Episode 7 Recap & Review is here.
Clearly there are multiple SPOILERS ahead so don’t read unless you’re up to speed with the nefarious Frank Underwood.
Tom Yates is back. Remember him? Last seen being turfed out on his ear by the Underwoods after they discovered the biography he was writing was actually an expose of their marriage, he’s courted by Will Conway. He’s transformed his work into a work of fiction, albeit one in the style of Primary Colors, and Conway wants it published before the election, the better to hurt Frank and increase his own chances of becoming President. But Tom, wary that the Underwoods are still keeping secret the fact he didn’t actually write his first, hugely successful novel, holds off and allows Frank and Claire the opportunity to counter-offer. Which they do quickly, for they both sense a kinship with Tom and perhaps something more. With Meecham dead, they’re missing the third in the threesomes they occasionally indulged in. Watch yourself Tom. Or enjoy yourself.
With Aidan MacAllan’s tech firm having (elicit) access to NSA databases, unprecedented robocall campaigning is available to the gun control lobby, meaning Claire’s bill looks set to pass. And with Meecham dead and Frank shot, both by a gun bought without background checks this bill would mandate, nothing could be closer to their hearts, right? Of course not. All this is merely the long-game, a ploy designed to eliminate vice president nominee Dean Austin, NRA pawn and favoured by the party leadership, from contention. As each VP running mate suggestion of the party is discarded, Claire’s path to the office gets shorter.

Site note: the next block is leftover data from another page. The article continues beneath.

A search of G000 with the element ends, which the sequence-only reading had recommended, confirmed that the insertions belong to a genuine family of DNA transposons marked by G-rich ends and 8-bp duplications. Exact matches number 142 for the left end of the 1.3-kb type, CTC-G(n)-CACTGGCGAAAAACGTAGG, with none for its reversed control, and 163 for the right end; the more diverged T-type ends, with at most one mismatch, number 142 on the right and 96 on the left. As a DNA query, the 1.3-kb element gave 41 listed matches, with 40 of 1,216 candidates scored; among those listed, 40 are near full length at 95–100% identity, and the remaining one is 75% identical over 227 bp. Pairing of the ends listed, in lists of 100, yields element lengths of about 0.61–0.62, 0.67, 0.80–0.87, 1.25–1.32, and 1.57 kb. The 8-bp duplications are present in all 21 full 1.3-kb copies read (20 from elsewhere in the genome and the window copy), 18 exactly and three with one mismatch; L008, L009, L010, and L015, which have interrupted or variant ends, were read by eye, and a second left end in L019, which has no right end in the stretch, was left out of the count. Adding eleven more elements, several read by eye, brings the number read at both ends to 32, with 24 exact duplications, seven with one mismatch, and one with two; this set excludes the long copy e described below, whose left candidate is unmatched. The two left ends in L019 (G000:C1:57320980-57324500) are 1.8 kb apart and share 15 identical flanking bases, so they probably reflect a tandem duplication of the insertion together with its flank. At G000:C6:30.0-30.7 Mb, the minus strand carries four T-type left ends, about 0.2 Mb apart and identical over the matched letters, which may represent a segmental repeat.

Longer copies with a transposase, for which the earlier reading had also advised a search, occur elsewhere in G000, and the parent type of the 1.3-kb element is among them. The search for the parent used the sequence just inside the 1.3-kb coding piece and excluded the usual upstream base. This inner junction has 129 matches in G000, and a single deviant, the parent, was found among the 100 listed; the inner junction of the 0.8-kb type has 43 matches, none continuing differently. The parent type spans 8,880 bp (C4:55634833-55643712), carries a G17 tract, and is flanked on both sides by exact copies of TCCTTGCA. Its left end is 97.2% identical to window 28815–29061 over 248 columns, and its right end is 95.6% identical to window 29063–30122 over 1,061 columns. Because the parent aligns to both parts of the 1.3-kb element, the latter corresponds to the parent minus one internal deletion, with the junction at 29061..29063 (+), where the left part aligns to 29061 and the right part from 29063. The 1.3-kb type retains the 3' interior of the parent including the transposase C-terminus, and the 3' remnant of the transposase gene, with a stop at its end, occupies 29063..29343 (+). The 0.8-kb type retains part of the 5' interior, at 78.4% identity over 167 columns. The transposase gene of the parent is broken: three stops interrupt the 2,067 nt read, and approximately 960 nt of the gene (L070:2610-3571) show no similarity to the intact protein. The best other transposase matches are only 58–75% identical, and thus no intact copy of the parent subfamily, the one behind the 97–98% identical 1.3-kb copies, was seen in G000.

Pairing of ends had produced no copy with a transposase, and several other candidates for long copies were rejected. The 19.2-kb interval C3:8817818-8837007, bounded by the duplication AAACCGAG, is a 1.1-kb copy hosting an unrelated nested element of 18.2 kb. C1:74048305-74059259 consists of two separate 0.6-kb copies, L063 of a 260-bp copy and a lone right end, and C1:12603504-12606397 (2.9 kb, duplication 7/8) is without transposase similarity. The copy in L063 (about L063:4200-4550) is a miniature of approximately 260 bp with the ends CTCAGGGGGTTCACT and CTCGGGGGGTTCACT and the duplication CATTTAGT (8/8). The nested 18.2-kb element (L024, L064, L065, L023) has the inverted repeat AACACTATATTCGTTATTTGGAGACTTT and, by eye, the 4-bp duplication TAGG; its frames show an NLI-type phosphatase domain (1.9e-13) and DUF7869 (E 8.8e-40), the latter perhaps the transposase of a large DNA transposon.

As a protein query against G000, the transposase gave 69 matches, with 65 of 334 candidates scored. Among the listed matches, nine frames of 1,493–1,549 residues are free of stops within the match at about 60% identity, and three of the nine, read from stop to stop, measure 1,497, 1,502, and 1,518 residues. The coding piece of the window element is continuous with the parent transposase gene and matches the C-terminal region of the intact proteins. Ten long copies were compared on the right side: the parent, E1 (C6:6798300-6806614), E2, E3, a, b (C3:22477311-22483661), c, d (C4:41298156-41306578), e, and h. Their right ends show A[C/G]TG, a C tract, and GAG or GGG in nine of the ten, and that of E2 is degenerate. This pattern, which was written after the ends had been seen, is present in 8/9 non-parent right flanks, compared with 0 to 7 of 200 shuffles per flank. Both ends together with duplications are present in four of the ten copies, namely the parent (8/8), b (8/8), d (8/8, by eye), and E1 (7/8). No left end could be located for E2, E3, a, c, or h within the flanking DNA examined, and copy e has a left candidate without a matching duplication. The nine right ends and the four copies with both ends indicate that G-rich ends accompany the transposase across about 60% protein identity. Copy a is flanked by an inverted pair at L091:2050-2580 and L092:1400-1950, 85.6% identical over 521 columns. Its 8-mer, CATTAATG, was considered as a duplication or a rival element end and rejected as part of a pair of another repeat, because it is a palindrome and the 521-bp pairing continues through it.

And so the bill gets dumped, and with it Austin from the ticket, by some quick political manoevering by Claire and Frank. Tom Yates, still clearly a little wet behind the ears, asks Leann if the First Lady actually cares about gun control. Her response – “What’s that got to do with it?” – sums up her m.o. succinctly. You really had to ask Tom? This is politics, nothing more, nothing less.
Meanwhile, Zoe Barnes’s former boss Tom Hammerschmidt has picked up her mantle and begins investigations, first at her low-rent flat where she and Frank used to meet. Asking around, he comes up short before a fast food vendor happens to remark that the man currently on the tv was around a lot. That man? Meecham. Tom realises he’s got a smoking gun and begins piecing together a comprehensive timeline of Meecham’s movements from public records freely available. How long do we think Hammerschmidt is for this world should he go the whole Lucas Goodwin route?
The next stage of Frank and Claire’s masterplan is put into action. What about Cathy Durant for running mate? The idea is met with immediate approval but Frank urges caution. He shouldn’t choose her, the party at large should, at the forthcoming Democratic convention. The stage is now almost fully set for the people to choose Claire, a situation the party couldn’t countermand, whatever their reservations.
Pretty much a scene-setter, chapter 47 still grips. Watching Frank and Claire play people and situations is akin to a ballet in a crowd, a fine balancing act performed by complete professionals at the top of their game. It feels almost amoral to root so much for a couple so depraved. But root for them we do.